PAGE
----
Weren’t we just saying that perovskite solar cells are the next big thing? Well, make that tin perovskite solar cells. Tin perovskite solar cells are suddenly a thing this week, with not one but two major new research announcements coming out of the US and the UK.
The significance is not so much in the tin perovskite cells’ conversion efficiency, which is laughably low compared to other solar hot rods on the market. It’s their potential for commercializing super cheap solar cells. Tin is an inexpensive, abundant material and its use in solar cells would drive costs down while alleviating the kind of geopolitical supply chain issues that bedevil other solar cell materials.
Tin also has the advantage of being easier on public health and the environment than lead, which is the conventional alternative for perovskite solar cells.
Tin Perovskite Solar Cells From The US
Perovskite solar cells just sailed across CleanTechnica’s radar a couple of weeks ago. Perovskite refers to a mineral composed mainly of calcium titanate. Perovskite has a particular crystalline structure that lends itself to solar conversion, which can be adapted to modify other materials for use in solar cells.
The problem is that earlier perovskite solar cell research was focused on lead, which is toxic, which explains why the latest news just came out yesterday from Northwestern University under the header “Taking the lead out of a promising solar cell.”
If Northwestern’s research translates into the commercial market the impact will be significant.
The new cell gets a commercial market threefer: using materials that are low cost, non-hazardous, and adaptable to a standard manufacturing process.
Northwestern hit upon the lead substitution partly because tin is in the same group in the periodic table.
The new solar cell is composed of five layers. The first two, a layer of conducting glass and a layer of titanium dioxide form the front contact. Not for nothing but titanium dioxide should ring some bells — before there was Django Unchained we had Titanium Dioxide, Unchained!.
The tricky part is the third layer, the tin perovskite in the form of methylammonium tin iodide. Methylammonium tin iodideoxidizes in contact with air, so that part of the process had to be done in a sealed environment (a nitrogen glove box, to be specific), along with the next step since the top of the tin was still exposed at this point.
The next layer is the one that closes the electrical circuit, and this part was also tricky because the team had to find something that would not eat away at the tin, which entailed a lot of digging around into the perovskite structure in order to understand its reactivity.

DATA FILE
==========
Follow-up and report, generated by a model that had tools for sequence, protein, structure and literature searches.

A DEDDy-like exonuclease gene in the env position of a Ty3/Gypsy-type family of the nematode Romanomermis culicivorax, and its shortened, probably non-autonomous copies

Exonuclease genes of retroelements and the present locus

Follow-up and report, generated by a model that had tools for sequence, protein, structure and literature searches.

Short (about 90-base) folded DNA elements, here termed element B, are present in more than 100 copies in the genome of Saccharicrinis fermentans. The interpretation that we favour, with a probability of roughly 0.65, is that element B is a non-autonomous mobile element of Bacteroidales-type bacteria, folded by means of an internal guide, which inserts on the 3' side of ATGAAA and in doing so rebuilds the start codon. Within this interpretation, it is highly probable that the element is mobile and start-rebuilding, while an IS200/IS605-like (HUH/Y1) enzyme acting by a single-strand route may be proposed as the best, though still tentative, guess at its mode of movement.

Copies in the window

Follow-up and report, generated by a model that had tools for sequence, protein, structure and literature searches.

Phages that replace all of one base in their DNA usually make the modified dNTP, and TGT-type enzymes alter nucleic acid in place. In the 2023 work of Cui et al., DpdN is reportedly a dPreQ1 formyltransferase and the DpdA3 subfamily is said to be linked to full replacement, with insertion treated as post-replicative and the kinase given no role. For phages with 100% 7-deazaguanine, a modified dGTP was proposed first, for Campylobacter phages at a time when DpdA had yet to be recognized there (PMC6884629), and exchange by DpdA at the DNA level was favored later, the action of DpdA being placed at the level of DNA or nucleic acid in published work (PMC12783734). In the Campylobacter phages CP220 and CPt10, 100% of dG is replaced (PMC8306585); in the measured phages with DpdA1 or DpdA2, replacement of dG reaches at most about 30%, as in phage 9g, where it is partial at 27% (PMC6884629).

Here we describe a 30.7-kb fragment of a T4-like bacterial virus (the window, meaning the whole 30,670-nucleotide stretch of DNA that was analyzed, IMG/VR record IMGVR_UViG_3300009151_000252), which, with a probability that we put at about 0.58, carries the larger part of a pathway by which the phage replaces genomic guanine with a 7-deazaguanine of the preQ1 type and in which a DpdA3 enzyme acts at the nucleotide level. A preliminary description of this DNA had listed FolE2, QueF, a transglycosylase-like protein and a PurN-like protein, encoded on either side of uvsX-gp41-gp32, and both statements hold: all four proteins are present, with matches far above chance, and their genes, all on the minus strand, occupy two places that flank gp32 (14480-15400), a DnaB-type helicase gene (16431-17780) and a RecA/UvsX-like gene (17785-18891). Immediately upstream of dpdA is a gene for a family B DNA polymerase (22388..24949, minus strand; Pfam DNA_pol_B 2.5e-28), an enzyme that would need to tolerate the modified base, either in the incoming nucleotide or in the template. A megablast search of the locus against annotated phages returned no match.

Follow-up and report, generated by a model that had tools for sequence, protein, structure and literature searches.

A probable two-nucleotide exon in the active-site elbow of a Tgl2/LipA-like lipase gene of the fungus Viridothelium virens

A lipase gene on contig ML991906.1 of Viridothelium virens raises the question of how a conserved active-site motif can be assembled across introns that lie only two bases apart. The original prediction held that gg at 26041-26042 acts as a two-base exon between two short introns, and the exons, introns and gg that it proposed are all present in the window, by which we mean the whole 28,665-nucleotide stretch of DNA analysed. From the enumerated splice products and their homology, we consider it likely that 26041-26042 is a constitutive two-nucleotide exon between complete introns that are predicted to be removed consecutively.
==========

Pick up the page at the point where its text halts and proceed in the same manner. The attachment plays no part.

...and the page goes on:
The final layer is a gold cap, forming the back contact electrode of the cell.
According to Northwestern, lead perovskite has about 15 percent solar conversion efficiency, and the research team anticipates that the new cell could surpass that, although right now it’s hovering at around 5.73 percent (we warned you — don’t laugh!).
Tin Perovskite Solar Cells From The UK
The UK tin perskovite solar cell announcement came out from Oxford University, a few days before the Northwestern announcement. The team’s figure for the best lead perskovite efficiency is 17 percent and their tin version came in around the same as Northwestern’s, at six percent. Like Northwestern, the Oxford team anticipates bettering the record for lead, reaching up to 20 percent or more.
The Oxford team focused on a similar problem, the degradation of the tin layer when exposed to air and moisture, and ended up with a similar solution: a sealed nitrogen fabrication environment.
Coal-Killing Solar Cells!
As for solar’s ability to compete in the electricity market with coal and other fossil fuels, the true cost of coal is finally being exposed including regional air quality and ash disposal issues on top of its contribution to global warming, and solar is already competitive with diesel in some global markets.
In the US, cheap shale gas has been pushing coal out of the electricity market and there are already indications that industries are beginning to prepare for the day when solar and other renewables push shale gas out of the energy market, by shifting into higher value products.
Exxon, for example, is looking to expand its gigantic Baytown, Texas refinery to include a gas-to-plastics operation, and the German chemical company BASF is exploring the possibility of making its largest single-site investment ever, by building a shale gas-to-plastics facility on the Gulf Coast.
By the way, we’re not exactly giving up our crushing on graphene, but you can expect to hear a lot more about perovskite from CleanTechnica from now on.
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